In July, the Henley Business School published new research claiming a four-day working week makes business sense, and could save UK businesses an estimated £104bn annually. The study said a shortened working week increased staff productivity, reduced sick days and produced an uplift in staff physical and mental health. This, according to the Henley report, could add to businesses’ bottom lines, despite the fact employees would be paid the same wage for fewer working hours. The report also found that a four-day week would help to retain talent and attract talent, as it demonstrated an employer’s forward-thinking mindset and respect for a work/life balance.
July also saw the financial results of one company trialling a four-day week over the past year. Versa, an Australian digital marketing company, had allowed employees to take Wednesdays off, provided they could fit their five days of work into four. Versa said that profit had almost tripled since the scheme was introduced, with revenue also growing by 46%. The results were similar to those of New Zealand financial services firm, Perpetual Guardian, which also trialled a four-day week earlier this year. The company claimed the policy resulted in a 20% rise in productivity, with reduced stress levels for employees.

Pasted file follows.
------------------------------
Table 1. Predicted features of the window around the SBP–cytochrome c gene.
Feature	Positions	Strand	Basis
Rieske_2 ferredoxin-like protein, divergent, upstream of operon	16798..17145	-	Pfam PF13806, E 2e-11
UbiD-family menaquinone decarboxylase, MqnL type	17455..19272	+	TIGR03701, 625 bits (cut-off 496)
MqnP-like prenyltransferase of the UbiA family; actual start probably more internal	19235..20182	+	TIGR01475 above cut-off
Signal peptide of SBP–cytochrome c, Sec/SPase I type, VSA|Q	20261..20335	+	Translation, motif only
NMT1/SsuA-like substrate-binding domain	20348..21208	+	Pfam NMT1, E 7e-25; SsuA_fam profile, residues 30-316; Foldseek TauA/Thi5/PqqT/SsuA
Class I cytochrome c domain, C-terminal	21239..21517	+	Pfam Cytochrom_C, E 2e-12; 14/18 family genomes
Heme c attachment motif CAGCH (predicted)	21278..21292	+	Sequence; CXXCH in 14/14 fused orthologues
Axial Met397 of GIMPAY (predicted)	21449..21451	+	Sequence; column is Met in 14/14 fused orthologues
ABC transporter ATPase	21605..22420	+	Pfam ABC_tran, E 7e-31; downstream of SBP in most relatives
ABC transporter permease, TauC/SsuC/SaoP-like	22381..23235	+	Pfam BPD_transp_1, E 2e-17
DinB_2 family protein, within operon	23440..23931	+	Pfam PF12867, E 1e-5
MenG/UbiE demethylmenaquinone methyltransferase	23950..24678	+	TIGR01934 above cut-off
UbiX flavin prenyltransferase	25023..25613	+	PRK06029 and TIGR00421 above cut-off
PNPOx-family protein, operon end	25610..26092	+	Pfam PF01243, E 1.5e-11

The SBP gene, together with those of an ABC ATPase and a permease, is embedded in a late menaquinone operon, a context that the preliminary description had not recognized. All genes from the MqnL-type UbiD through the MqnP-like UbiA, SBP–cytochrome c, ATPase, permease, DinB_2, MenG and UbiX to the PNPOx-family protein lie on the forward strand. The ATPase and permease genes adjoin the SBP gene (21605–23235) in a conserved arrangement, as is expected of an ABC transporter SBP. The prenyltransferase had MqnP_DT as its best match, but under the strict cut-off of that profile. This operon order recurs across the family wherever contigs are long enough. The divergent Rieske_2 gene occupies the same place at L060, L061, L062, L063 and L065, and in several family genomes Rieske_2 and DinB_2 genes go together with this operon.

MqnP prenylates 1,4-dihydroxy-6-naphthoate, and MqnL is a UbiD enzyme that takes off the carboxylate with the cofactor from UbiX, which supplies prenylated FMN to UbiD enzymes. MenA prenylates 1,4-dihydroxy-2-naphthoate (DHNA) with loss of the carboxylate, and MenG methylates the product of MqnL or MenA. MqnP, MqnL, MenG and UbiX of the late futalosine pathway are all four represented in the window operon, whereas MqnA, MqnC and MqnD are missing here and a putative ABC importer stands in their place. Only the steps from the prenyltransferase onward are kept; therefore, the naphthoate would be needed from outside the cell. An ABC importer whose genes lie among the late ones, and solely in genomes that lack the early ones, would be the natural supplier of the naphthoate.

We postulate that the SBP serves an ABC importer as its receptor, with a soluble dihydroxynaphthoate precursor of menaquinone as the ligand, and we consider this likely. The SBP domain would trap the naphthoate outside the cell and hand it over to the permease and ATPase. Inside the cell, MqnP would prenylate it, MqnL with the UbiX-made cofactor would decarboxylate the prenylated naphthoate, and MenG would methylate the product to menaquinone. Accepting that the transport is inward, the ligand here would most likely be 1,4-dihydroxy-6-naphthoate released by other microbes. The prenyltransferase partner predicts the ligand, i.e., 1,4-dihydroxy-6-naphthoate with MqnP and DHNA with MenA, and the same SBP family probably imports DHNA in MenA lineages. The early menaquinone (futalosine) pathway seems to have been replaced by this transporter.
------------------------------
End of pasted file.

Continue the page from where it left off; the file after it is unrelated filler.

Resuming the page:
The above demonstrates an evidence base that is building around the four-day week. However, implementing such a change to an established work pattern has its challenges. Earlier this year, London-based Wellcome Trust, the world’s second-biggest research donor, decided not to trial a four-day week for its 800 head office staff, stating it was ‘too operationally complex to implement’. Those complexities may include which specific day an employer or employee decides to take off, whether the office remains open on the ‘off’ day, and how best to cater for clients in the service industry. Moreover, while there may be mental health benefits from an extra ‘free day’, there are question marks over the impact of cramming five days of work into four.
The practical challenges of implementing a four-day week may, for now, prohibit widescale adoption among businesses. But given that the concept of the weekend was popularised only in the 1920s, companies should take the prospect of four-day weeks seriously. Those brave enough to adopt early while overcoming the barriers of implementation, could reap the rewards.